“You can’t talk to a person about his or her soul if that person has no food”
Father Horace B. McKenna, SJ, was known as Washington’s “priest to the poor.” He was a tireless worker for the rights and dignity of people in need, especially people of color.
During his two assignments in Washington, DC (1953-1958 and 1964-1982) he was well known for advocating for the poor and working to meet their immediate needs. Fr. McKenna used to say that his role was to “hang on to people until help came.” One of his neighbors recalls,
Around Christmas and Thanksgiving he always sent us a basket of food; I wouldn’t have to ask for it because he knew I had a houseful of kids. He would always have those Gonzaga boys knock on my door and give us some food. In fact, he didn’t ask anybody; he just knocked and delivered until the food ran out. That’s the kind of man he was. He didn’t ask whether you needed it or not; he just gave it to you. He’d give you the shirt off his back.
Rev. Horace B. McKenna, SJ (1899 – 1982)
He founded SOME (So Others Might Eat), a soup kitchen, clinic, and jobs center, and co-founded Martha’s Table which serves low-income families in the lower Columbia Heights neighborhood. He was also instrumental in the development of Sursum Corda Cooperative, a low-income housing project in the block just north of St Aloysius Parish on North Capitol Street.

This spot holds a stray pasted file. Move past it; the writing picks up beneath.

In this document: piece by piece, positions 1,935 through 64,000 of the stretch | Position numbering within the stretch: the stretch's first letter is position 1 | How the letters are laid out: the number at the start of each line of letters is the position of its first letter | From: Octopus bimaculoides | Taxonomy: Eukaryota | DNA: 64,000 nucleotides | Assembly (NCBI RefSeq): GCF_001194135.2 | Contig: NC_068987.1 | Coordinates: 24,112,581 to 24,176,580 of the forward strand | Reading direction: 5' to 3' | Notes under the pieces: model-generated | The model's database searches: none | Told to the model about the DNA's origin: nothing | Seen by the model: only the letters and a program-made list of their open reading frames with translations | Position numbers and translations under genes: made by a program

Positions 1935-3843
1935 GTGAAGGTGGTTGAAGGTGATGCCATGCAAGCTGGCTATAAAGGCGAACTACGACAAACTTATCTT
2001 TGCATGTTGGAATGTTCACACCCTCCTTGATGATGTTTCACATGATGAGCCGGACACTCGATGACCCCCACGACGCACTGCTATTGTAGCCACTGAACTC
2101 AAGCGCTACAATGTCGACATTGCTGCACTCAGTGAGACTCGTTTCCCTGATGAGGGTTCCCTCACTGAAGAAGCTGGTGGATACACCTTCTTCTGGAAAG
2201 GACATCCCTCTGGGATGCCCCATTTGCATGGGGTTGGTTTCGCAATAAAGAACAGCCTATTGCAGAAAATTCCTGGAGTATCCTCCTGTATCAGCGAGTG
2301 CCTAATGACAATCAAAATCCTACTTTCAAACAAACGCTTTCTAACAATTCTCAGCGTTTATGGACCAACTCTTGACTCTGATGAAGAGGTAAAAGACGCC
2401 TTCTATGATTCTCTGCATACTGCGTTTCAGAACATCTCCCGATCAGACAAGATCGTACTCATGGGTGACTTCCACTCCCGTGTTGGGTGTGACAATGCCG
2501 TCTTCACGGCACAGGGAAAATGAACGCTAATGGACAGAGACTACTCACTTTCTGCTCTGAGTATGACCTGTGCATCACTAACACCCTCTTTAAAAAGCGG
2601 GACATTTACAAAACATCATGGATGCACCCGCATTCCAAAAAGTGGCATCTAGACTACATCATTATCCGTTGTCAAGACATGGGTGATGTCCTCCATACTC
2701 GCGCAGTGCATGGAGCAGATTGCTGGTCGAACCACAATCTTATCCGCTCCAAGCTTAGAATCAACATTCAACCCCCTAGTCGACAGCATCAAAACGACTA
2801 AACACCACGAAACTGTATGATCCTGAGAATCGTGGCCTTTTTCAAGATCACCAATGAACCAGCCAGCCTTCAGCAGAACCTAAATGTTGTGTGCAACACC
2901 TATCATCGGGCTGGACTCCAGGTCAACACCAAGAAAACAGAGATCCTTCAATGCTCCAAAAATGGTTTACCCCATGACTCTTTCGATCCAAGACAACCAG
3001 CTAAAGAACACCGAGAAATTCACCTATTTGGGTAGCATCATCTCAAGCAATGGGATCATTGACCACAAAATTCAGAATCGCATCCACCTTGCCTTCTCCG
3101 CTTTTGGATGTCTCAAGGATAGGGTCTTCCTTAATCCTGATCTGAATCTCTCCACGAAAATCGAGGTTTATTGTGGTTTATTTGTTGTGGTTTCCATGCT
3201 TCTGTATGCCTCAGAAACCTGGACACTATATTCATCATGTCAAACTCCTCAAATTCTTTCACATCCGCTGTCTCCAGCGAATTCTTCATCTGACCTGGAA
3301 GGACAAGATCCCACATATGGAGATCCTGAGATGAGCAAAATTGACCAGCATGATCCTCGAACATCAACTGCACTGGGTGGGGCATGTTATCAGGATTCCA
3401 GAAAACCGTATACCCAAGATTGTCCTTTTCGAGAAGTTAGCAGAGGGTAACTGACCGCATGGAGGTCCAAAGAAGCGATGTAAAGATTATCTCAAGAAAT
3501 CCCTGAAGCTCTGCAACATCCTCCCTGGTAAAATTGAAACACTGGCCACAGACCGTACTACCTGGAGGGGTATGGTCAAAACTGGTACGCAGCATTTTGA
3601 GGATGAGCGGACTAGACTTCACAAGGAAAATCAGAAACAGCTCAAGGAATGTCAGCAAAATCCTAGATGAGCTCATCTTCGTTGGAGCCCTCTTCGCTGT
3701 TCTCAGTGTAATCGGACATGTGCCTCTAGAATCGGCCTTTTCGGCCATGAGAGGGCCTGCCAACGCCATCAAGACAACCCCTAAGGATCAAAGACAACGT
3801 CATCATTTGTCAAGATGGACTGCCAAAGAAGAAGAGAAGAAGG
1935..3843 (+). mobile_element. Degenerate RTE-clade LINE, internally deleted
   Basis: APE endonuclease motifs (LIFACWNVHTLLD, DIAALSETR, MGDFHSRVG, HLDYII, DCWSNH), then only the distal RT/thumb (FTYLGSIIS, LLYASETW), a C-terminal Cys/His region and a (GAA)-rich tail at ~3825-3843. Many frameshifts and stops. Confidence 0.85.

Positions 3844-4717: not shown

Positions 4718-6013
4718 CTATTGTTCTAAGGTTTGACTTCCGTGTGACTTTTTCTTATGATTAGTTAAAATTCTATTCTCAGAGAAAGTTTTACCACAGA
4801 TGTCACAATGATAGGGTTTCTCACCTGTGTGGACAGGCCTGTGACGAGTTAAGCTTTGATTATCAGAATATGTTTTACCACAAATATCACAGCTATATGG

Fr. McKenna inspired many with his approach to all people as individuals, regardless of the circumstances in which he encountered them: ” I really believe that every person is a revelation of God – the joy of God, the love of God. I feel that the human person on the street is the appearance of Jesus Christ consumed with human needs. Christ is in the wretched person, as well as the young person, the young woman or the young child. Their smile is so fresh, like a bud or an open flower that speaks of the wealth of the plant beneath the surface. And that wealth is God. ”
In 1983, in honor of the legacy left by Fr. McKenna, St. Aloysius parish opened The Father McKenna Center in the basement of their church. His love for those in need is present and active today in the continuing mission and work of the Center that bears his name. We are blessed to have members of Fr. McKenna’s family serve with us regularly as volunteers, and to have members of our community who knew him personally.
It’s our privilege to bear the responsibility of his legacy, providing help and accompaniment to the poor of our community and men experiencing homelessness.
Born on January 2, 1899 in New York City as one of 12 children, Horace McKenna was educated at Fordham Preparatory School. He entered the Society of Jesus at St. Andrew-on-the-Hudson on July 30, 1916. While teaching at a Jesuit school in Manila, Philippines, he discovered the desperate needs of the poor and oppressed.
He was ordained June 23, 1929 and requested an assignment to parishes in Southern Maryland amidst poverty and segregation including St. Peter Claver’s Church, St. James’ Church, St. Ignatius’ Church, and St. Inigoes’. Here he began his ministry of healing and reconciliation. He sought to break down racial segregation and lift up the lives of African Americans in his community.
Fr. McKenna continued this work at St Aloysius in Washington, DC from 1953 to 1958. Then he spent six years at the Church of the Gesu in Philadelphia. In 1964, he returned to St. Aloysius where he remained until his death in 1982.
Fr. McKenna worked tirelessly throughout his time in Washington, DC for the rights of the poor. Many of the area’s organizations serving the disadvantaged have ties to him. He and his legacy touch thousands of lives in the DC region every year.